UBS announced last week a new fund on the ESG front, the UBS S&P 500 ESG ETF (5ESG), which it says offers investors exposure to the S&P 500 while screening for companies that score poorly on ESG criteria or are tobacco or controversial weapons producers.
Clemens Reuter, head of ETF and passive investment specialists at UBS AM, said: “This new product is the result of close collaboration between UBS AM and SPDJI. 5ESG offers investors a core ESG exposure based on the largest and most important equity index globally.”
Following the launch, we asked the Product Panel to take a look at the constituents of the ETF and judge what its appeal might be to investors looking to gain exposure to the S&P 500 with an ESG tilt.
Peter Sleep, 7IM
UBS adds to its successful range of responsible ETFs with an S&P 500 ESG ETF which will sit alongside the UBS MSCI USA SRI ETF. Not being an ESG expert, I will summarise the difference with my product manager hat on.
The ESG ETF has tracking error of 0.8% (to the S&P 500 and the MSCI USA, it doesn’t matter which) whereas the SRI index has tracking error of about 2%. UBS, having won over the eco-warriors with the SRI ETF, are now targeting the more timid, light greens with this new ETF. The index methodology is quite complex but has the usual exclusions like tobacco and it also bumps out the worst in sector companies to whittle the S&P 500 down to around 300 companies. With the exclusions I guess the idea is to force the low scoring companies to alter their ways by raising their cost of capital. Unfortunately this effort is diluted by the different methodologies.
The ESG ETF over-weights Apple and Exxon for instance whereas the SRI ETF excludes these two companies. The ESG ETF excludes Home Depot whereas the SRI ETF over-weights it. Without consistency, the good intentions of responsible investing are nullified. Responsible investing is relatively young and I hope UBS and the index providers up their game and that these differences are ironed out in due course to have the maximum impact.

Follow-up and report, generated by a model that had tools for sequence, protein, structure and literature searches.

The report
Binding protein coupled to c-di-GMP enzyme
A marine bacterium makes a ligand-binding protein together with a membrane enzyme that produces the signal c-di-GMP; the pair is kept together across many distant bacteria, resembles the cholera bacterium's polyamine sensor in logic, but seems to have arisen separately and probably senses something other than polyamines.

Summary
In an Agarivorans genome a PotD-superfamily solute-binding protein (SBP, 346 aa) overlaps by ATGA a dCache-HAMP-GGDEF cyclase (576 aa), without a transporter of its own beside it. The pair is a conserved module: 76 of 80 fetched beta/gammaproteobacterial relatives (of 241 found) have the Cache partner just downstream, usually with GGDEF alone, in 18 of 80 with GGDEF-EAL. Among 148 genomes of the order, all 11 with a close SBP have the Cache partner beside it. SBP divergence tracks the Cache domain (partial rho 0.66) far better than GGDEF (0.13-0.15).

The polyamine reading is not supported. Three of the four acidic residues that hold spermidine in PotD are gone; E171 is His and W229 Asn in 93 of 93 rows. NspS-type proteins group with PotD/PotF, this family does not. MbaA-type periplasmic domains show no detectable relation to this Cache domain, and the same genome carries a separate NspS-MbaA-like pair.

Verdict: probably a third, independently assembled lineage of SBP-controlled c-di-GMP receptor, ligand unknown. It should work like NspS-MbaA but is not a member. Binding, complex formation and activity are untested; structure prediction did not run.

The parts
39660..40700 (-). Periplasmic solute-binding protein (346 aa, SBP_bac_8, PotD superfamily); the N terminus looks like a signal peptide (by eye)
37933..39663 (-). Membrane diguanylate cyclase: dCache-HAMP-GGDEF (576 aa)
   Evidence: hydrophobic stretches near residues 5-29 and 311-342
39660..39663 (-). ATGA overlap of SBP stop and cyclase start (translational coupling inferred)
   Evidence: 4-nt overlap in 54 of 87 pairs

Nicolas Rabener, Factor Research
Another day, another ESG-focused ETF launch it seems. In this case, UBS AM is issuing an ESG-compliant version of the iconic S&P 500 at 0.12% for USD investors and 0.22% for other currencies. Although these fees are slightly higher than for a plain S&P 500 ETF, fees at these levels are marginal.
More important are the following two questions. First, is there a cost for holding stocks that rank high on ESG metrics? These companies need to focus on all stakeholders, not only shareholders. More research is required. Secondly, if investors want to consider ESG products, why invest in an ETF like the one from UBS that seeks to limit the tracking error to 100 bps? The limit raises questions on portfolio construction and will not maximize the ESG exposure.
Rumi Mahmood, Nutmeg
The product presents a good entry route for investors who want to gradually invest in US equities more sustainably, without having to face stringent exclusions. A total of 25% by market capitalisation is ESG screened out of the S&P 500 index through a qualitative (value based) and quantitative (ratings and scores) based approach.
The ESG screened index enables investors to access this equity exposure while controlling for specific ESG issues, excluding stocks involved in controversial business activities or ones that do not comply with the UN Global Compact. Furthermore, companies are further screened out to include best ESG performers without adversely impacting the overall exposure. Sector neutrality is maintained, the top holdings are similar to the S&P 500.
While the pricing is relatively competitive at 12 bps, iShares recently launched a similar light ESG range at 7 bps. From a trading perspective, high correlation with the S&P 500 should ensure that market makers are able to price the product competitively.”
Henry Cobbe, Elston Consulting
ESG is moving from niche to mainstream. That is part of a generational shift. Innovation in this space and competitive pricing is therefore very welcome. There are very different degrees of exclusion/inclusion criteria for each ESG index, so a clear understanding of the screening process used and how final composition compares to other ESG options is essential. Always look under the bonnet.